31 December 2016

Happy New Year From Old Cape Cod

















Stir up some fun, and economically, too, for the New Year.  In the frugal spirit of old Cape Cod living, the local red berry overwhelms any pretensions the vodka may have, so go for the cheap stuff.  The red  color is reliably deep and gorgeous.  Cocktail mixing doesn't get any easier than the Cape Codder.  I was introduced to the non-alcoholic version as a little girl living in Newburyport, Massachusetts.  Trying to pick out which stirrer would make the drink taste better is the kind of decision that can occupy a child for quite some time.  These stirrers, appropriately for a New Year's celebration, came with a glass holder in the shape of a stork.


The basic Cape Codder recipe is as follows:
2 ounces vodka
3 ounces cranberry juice
1/4 lime perched on the rim of the glass, to be squeezed
club soda to taste

The children's version substitutes ginger ale for the vodka and club soda.
Image:
Czechoslovakia - Glass cocktail stirrers, c.1920-1930, blown glass, Geffrye Museum, London.

29 December 2016

Remembering William Christenberry




















A star for the new millennium and a landscape cut out by a star, this photograph was taken on New Year's Day in the year 2000. 
While the world was preoccupied with the deaths of other, more famous artists, William Christenberry slipped quietly away on November 28, 2016.   Christenberry was, by turns, a painter, a sculptor of miniature 'dream buildings, and a photographer,  and it is for his photography that he will be remembered.  What attracted him to photography, he said,  was a spiritual dimension that enabled him "to come to grips with my feelings about the landscape and what was in it."  Through his lens,  worn clapboards and dilapidated buildings  appeared more perfectly themselves in rich color than they had in  black and white.  Christenberry, raised under the southern sun, had no prejudice against the use of color film. That landscape also included the Ku Klux Klan and a hooded man at the Tuscaloosa County Court House in 1960, an encounter that shook Christenberry deeply.
William Christenberry was born in Tuscaloosa, Alabama in 1936, the year that Walker Evans and James Agee spent a month with tenant farmers in nearby Hale County.  The two men hoped to publish an article but it failed to materialize;  instead, their book Let Us Now Praise Famous Men, published five years later, became a masterpiece of social documentary.  
Alabama was home to some of the poorest areas in the south  and it signifies that Christenberry acquired his first camera as a joint Christmas present with his sister in 1944.  After attending college, Christenberry thought he would become a painter but in New York he met Walker Evans who encouraged him to take his photography seriously.   Christenberry taught painting at the Corcoran School of Art in Washington, D.C.,  where he lived until his death from Alzheimer's disease last month.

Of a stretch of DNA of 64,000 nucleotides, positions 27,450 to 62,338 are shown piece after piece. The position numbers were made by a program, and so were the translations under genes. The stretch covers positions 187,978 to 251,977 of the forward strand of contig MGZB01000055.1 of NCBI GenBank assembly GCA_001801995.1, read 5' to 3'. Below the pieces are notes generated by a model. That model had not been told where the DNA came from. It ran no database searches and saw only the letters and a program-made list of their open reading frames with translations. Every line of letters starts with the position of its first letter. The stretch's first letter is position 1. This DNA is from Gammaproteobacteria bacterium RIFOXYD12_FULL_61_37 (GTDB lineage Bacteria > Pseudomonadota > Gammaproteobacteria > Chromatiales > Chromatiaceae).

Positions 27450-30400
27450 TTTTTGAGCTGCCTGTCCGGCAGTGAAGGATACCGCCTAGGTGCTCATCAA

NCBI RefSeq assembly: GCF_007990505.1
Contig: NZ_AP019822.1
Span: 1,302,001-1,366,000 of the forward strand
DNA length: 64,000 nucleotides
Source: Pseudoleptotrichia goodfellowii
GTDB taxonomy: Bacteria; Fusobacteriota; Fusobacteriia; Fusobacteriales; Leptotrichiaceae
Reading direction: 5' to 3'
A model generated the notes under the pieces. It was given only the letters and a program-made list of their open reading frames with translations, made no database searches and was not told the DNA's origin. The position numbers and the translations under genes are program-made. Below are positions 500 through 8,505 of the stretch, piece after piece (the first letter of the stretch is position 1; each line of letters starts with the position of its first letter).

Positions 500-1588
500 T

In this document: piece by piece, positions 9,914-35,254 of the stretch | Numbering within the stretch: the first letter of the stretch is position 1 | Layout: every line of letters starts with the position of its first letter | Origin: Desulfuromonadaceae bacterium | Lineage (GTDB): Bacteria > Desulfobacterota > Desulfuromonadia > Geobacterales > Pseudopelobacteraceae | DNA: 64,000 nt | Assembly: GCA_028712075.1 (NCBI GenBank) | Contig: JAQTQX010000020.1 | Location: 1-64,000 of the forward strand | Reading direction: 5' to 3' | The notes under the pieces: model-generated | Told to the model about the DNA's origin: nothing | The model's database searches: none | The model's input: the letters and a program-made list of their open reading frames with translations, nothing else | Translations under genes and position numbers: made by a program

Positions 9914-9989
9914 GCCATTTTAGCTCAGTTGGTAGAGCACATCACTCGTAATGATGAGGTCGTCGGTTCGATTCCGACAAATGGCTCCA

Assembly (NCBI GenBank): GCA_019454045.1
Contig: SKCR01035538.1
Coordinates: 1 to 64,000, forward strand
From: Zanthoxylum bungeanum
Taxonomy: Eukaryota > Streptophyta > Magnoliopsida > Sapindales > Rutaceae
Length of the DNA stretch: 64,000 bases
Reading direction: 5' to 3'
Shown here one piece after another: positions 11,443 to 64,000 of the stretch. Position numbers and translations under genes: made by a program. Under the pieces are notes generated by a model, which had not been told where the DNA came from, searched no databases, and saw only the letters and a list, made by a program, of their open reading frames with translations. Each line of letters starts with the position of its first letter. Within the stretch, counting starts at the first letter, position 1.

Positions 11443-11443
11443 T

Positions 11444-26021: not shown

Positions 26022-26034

See photographs by William Christenberry in the Phillips Collection in Washington, D.C.
Image:
William Christenberry - Christmas Star Near Akron Alabama, January 1, 2000, Museum of Modern Art, NYC.

23 December 2016

"I love this. You will love this." A Joseph Cornell Christmas Card

"We all live in his enchanted forest." - John Ashbery, American poet, writing about Joseph Cornell. 

An unidentified person wrote "I love this.  You will love this." in the margin of a poster showing a Joseph Cornell shadow box.  A brilliant artist who created most of his work as gifts for friends or simply as offerings to people he admired, Joseph Cornell was the embodiment of that sentiment.

Joseph Cornell was born on Christmas Eve in 1903.  Although Cornell led a humdrum, even constrained life, and rarely traveled, he was fortunate to live in New York City, a place where ordinary life offers intimations of magic around any corner.    He described the small objects he collected and used to compose his shadow boxes as "exquisite surprises."   These jewel-like boxes are now treasures to the museums lucky enough to have them and once you have seen one  you will seek them out wherever you go. 

The shadow box itself has theatrical ancestors, from the wunderkammer (chamber of wonders) of  Renaissance courts and street fairs to the penny arcades that Cornell himself saw at amusement parks as a child.  In Cornell's imagination the idea of a miniature world as entertainment is deepened by memories and personal associations that mesmerize viewers.   So many of his boxes contain pictures of birds that critics have liked to speculate on their symbolism: caged bird of free spirit?  The caged bird appeals to those who concentrate on the artist's loneliness and  shyness with women but Cornell's birds seem to me closer in spirit to the poet Shelley's skylark, who can teach him "half the gladness" it knows.